Housing, education, health and 'first world wages and jobs' the focus for Winston Peters
Winston Peters says he's never stopped thinking about the four things that will change the lives of Māori - housing, education, health and "first world wages and jobs".
The NZ First leader spoke to Radio Waatea on Wednesday morning ahead of a busy day of negotiation talks with National and Labour, which he described as "going fine".
"People forget we didn't know the result of the election properly until 2pm on Saturday...we're happy with the progress."
Asked whether it was true that he had turned his back on Māori, Peters said he was concentrating on four things and they were all important to Māori.
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"Anyone who has ever watched my career where Māori politics is concerned will know I concentrate on the four things that really matter. That's housing, education...a decent health system for everybody and first world wages and jobs for everybody," Peters told Radio Waatea.
"Those four things I've never stopped thinking about and in the end that's what will change Māori lives."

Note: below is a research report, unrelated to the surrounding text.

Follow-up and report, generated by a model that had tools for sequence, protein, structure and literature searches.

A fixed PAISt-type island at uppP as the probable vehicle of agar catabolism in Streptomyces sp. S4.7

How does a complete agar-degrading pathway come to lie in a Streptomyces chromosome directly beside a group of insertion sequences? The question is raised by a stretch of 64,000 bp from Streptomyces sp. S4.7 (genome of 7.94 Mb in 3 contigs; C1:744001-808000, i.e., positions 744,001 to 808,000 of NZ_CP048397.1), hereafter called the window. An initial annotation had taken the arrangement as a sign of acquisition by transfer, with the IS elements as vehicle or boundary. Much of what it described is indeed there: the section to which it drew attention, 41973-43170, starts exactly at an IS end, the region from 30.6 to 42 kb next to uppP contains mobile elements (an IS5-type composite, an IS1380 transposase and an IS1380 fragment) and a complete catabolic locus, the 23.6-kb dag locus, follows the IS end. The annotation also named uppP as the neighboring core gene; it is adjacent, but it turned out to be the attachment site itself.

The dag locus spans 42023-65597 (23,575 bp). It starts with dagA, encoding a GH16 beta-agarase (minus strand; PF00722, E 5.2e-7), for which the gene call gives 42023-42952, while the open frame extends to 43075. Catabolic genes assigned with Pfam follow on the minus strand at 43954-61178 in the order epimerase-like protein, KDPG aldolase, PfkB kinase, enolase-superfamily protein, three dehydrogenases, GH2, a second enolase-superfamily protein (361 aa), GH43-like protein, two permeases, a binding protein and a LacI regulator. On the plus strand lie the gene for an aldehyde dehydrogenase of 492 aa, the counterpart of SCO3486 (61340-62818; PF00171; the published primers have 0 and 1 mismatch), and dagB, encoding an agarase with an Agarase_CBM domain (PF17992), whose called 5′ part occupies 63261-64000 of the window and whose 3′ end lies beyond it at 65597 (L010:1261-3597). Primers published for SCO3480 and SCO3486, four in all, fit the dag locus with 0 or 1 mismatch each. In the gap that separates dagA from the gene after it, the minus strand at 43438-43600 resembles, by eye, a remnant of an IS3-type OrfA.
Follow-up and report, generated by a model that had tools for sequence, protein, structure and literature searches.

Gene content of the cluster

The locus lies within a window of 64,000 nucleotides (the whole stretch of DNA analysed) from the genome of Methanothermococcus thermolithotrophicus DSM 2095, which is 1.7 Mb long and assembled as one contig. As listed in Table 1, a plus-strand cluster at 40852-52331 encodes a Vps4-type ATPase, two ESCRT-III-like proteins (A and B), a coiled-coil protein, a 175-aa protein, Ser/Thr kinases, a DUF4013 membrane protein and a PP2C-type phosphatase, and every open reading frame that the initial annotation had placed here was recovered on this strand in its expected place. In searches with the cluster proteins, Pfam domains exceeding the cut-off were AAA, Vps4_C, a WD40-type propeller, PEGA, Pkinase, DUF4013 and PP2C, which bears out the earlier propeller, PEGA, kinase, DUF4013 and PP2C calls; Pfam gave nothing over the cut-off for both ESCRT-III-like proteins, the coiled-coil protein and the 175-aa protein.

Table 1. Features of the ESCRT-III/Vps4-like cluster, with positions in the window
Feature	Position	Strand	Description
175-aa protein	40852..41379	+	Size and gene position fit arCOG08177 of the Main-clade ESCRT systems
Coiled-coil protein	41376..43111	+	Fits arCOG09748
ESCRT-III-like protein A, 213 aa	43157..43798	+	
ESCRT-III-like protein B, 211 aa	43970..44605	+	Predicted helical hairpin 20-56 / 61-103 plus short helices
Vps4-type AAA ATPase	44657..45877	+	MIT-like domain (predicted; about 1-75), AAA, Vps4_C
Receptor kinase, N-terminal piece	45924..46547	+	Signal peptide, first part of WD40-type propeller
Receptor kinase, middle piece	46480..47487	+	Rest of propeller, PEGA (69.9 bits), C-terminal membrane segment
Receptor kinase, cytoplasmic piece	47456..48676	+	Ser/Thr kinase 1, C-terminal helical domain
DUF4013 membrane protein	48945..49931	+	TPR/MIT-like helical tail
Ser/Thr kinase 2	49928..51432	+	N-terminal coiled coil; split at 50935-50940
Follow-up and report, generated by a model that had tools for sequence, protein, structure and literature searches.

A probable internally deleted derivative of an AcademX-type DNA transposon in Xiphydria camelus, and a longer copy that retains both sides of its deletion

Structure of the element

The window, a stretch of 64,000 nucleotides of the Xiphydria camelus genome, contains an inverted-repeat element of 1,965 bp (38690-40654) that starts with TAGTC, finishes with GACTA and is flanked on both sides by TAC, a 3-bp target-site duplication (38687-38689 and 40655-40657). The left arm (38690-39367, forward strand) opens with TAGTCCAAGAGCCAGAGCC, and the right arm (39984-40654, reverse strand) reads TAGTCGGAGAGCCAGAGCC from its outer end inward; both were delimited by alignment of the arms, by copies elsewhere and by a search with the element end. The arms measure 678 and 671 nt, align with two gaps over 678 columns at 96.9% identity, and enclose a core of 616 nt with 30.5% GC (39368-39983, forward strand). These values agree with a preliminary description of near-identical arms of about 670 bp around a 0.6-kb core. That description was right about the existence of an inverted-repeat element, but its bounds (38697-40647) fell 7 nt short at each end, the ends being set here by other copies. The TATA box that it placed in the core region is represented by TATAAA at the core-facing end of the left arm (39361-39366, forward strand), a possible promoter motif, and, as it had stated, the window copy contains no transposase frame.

Following his third negotiation meeting of the day, Peters said those four things had been his focus his "whole career when it comes to the Māori world".
"It happens to be also what everybody in the world wants, those four things are their number four priorities."
Peters spent much of the Radio Waatea interview talking about the pressure that had been put on him by the media, in particular, to make a decision.
"They were saying we should have been able to do the talks and finish the decision before the Saturday special results...then they think we should be driven by their agenda."
Peters said "these things take time" and that it wasn't NZ First's fault that the full election results weren't known until October 7.
"That's the system's fault."
In terms of negotiations he said it was long days with pre-briefs and debriefs with his caucus before and after every meeting.
He said it was "a lot of work to get through".
"I think everybody is working towards a stable government for the next three years and beyond."